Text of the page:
Back in mid-April, when Philadelphia’s coronavirus cases were approaching their peak, the city’s parks and recreation commissioner, Kathryn Ott Lovell, began her campaign to save summer for the city’s neediest kids.

“When we realized the pools weren’t going to open, we started scrambling,” Ott Lovell said. “We weren’t sure about spraygrounds. We weren’t sure what was going to happen with summer camp. But we had to do something. We couldn’t just cancel summer.”

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So starting next week, the Playstreets program is getting a big boost for kids across the city, particularly those in the poorest neighborhoods. Originally designed in the 1950s as a way to give kids free lunch and snacks while school was closed, Playstreets this year is getting activity kits, visits from Gritty, and more.

Here’s what Playstreets has to offer this year.

Lots of partners

This year’s program is a partnership with a number of groups, including the Greater Philadelphia YMCA, the John S. and John L. Knight Foundation, Mural Arts Philadelphia, and even the Eagles, the Phillies, and the Flyers. Other partners include Children’s Hospital of Philadelphia, Wawa Welcome America, Clay Studio, and Book Smiles Book Bank, New Jersey. Between donations and in-kind contributions, Playstreets is working with about $600,000 this summer.

New, enhanced Playstreets

The Playstreets program typically works like this:

  • Each weekday in summer, a city representative drops off breakfast and a snack to a volunteer Playstreet supervisor at one of roughly 300 locations. The supervisor — often a parent, grandma or auntie — distributes the food.

  • Designated streets are also closed to traffic between 10 a.m. and 4 p.m. so kids can safely play in the streets. Volunteers often would use their own money to buy art supplies and sports equipment for kids to play with.

This year the city is supplying all the toys and equipment for kids to play with. On Monday, city officials will distribute a number of activity kits assembled last week at the Philadelphia Horticulture Center. The kits will belong to the block even after summer.

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What’s in the kits?

The cooling kit. There are 100 cooling kits and they include misting fans, giant water guns, tents, patio umbrellas, and neck-cooling rags. These kits will be sent to blocks the city has defined as “urban heating islands,” Ott Lovell said, named so because they lack green space and trees, so it always feels hotter.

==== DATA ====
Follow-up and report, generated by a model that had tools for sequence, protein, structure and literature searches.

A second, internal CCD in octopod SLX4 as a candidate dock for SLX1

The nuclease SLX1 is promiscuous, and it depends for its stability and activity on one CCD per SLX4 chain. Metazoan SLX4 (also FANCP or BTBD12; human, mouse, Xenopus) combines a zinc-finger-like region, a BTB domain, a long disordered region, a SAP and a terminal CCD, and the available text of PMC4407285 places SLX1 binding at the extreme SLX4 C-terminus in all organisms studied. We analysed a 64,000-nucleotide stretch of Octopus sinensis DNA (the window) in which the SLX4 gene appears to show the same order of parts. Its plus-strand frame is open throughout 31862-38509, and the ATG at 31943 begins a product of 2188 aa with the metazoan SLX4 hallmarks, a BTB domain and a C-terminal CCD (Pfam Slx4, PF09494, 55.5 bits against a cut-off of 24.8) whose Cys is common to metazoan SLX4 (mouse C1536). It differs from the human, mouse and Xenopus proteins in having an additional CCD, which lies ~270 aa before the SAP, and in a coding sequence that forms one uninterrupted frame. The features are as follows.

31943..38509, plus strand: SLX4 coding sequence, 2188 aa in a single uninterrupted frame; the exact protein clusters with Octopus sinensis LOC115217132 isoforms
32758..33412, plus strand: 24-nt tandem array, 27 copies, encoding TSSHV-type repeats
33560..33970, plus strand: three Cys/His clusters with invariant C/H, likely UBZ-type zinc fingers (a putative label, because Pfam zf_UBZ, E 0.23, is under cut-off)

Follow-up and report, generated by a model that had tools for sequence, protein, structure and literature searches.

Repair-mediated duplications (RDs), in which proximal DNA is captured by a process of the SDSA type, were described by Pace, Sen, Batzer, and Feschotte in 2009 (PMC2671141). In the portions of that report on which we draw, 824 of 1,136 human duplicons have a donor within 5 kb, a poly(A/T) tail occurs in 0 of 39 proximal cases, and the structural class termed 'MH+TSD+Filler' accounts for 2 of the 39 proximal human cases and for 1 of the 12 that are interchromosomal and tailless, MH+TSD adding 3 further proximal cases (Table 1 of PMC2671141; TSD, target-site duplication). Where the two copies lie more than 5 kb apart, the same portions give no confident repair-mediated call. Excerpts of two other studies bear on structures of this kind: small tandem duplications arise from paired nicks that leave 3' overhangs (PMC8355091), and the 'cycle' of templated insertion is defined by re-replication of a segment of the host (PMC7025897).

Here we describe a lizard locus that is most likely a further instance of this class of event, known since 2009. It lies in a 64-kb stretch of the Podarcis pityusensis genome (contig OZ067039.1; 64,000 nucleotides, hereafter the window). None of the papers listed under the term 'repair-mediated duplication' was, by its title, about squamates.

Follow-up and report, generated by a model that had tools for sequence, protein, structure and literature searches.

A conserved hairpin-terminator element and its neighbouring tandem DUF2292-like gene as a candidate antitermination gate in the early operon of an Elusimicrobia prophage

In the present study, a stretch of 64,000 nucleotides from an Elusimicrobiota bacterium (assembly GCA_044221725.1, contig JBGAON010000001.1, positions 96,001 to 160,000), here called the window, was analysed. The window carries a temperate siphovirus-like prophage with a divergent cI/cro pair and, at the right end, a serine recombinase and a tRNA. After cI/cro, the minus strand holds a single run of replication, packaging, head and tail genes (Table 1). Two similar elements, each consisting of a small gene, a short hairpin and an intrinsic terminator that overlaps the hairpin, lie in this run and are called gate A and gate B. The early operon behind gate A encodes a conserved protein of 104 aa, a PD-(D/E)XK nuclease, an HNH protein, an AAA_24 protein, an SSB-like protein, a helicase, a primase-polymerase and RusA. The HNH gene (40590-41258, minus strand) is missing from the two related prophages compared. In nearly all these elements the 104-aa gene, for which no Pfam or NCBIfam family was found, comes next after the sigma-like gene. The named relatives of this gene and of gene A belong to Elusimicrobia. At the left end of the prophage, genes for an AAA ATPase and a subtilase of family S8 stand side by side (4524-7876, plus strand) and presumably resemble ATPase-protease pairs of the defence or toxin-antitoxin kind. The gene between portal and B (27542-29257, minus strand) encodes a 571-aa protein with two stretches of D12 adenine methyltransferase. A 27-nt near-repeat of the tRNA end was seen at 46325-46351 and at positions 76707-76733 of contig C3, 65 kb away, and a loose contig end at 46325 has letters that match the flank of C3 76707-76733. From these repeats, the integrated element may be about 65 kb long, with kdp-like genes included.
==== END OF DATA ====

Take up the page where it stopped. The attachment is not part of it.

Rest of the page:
The sports kit. These have footballs, basketballs. soccer balls, Wiffle Balls (and bats), flag football sets, and dodgeballs.

Arts and craft kits. These are filled with construction paper, markers, and glue, coloring books and sidewalk chalk. These kits include arts and crafts projects for kids to make wind chimes and magnets.

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That’s a lot of cool stuff. Does every Playstreet get every kit?

No, but every Playstreet is getting something special. “All of the close to 300 streets will benefit from the expanded resources that will include a special guest visit or a kit,” Ott Lovell said.

There are, however, 50 Super Streets which are located in some of the city’s poorest zip codes. The Super Streets will get each of the three kits plus daily programming from arts and recreation staff that includes arts and crafts demos and pop-up dance parties. Gritty and the Phillie Phanatic are scheduled for visits, too.

Every Super Street can expect a day when a special playground will be set up on their block that includes a jungle gym-like play area and a seesaw, the perfect socially distant toy.

There are also 10 Playstreets of Wonder. These streets will focus on playful learning and literacy, Ott Lovell said, and are sponsored by the William Penn Foundation. These locations will receive visits from representatives of the Free Library of Philadelphia, Fab Youth Philly, and officers from the Police Athletic League.

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Who can visit Playstreets?

Playstreets are designed for only the children on the block and those who live in the immediate vicinity. (It is too late to sign your block up for a Playstreet.) That’s even more important this year because of COVID-19, Ott Lovell, said. “We want kids to stay as close to home as they can,” Ott Lovell said. “It’s safer for all involved: the parents, the children and the city workers who will play with the kids. The city worked with the Philadelphia Department of Public Health to develop a safe program. “The idea,” Ott Lovell said, “is for kids to have fun and minimize the risk [of spreading COVID-19] as much as possible.”

What if I don’t live on a Playstreet?

The good news, Ott Lovell said, is that while free city camps are changing how they operate — that means no field trips or pool time — they are still open.

Normally about 8,000 kids enroll in summer camp. This year there are only about 2,000. That means there are spots left. For more information about a camp near you, visit All kids over 8 years old and staff will have to wear a mask at summer camp.

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Playgrounds are open, as are spraygrounds. Tennis courts are open as well. And Ott Lovell said the city is reinstalling basketball rims. “We will have summer,” Ott Lovell said. “We just have to work harder to make sure it’s safe.”

When is the program running?

The children who live on Playstreets have been able to get lunch since June 15. The enhanced programs on close to 300 city streets will begin on Monday, July 12, and run through the end of August.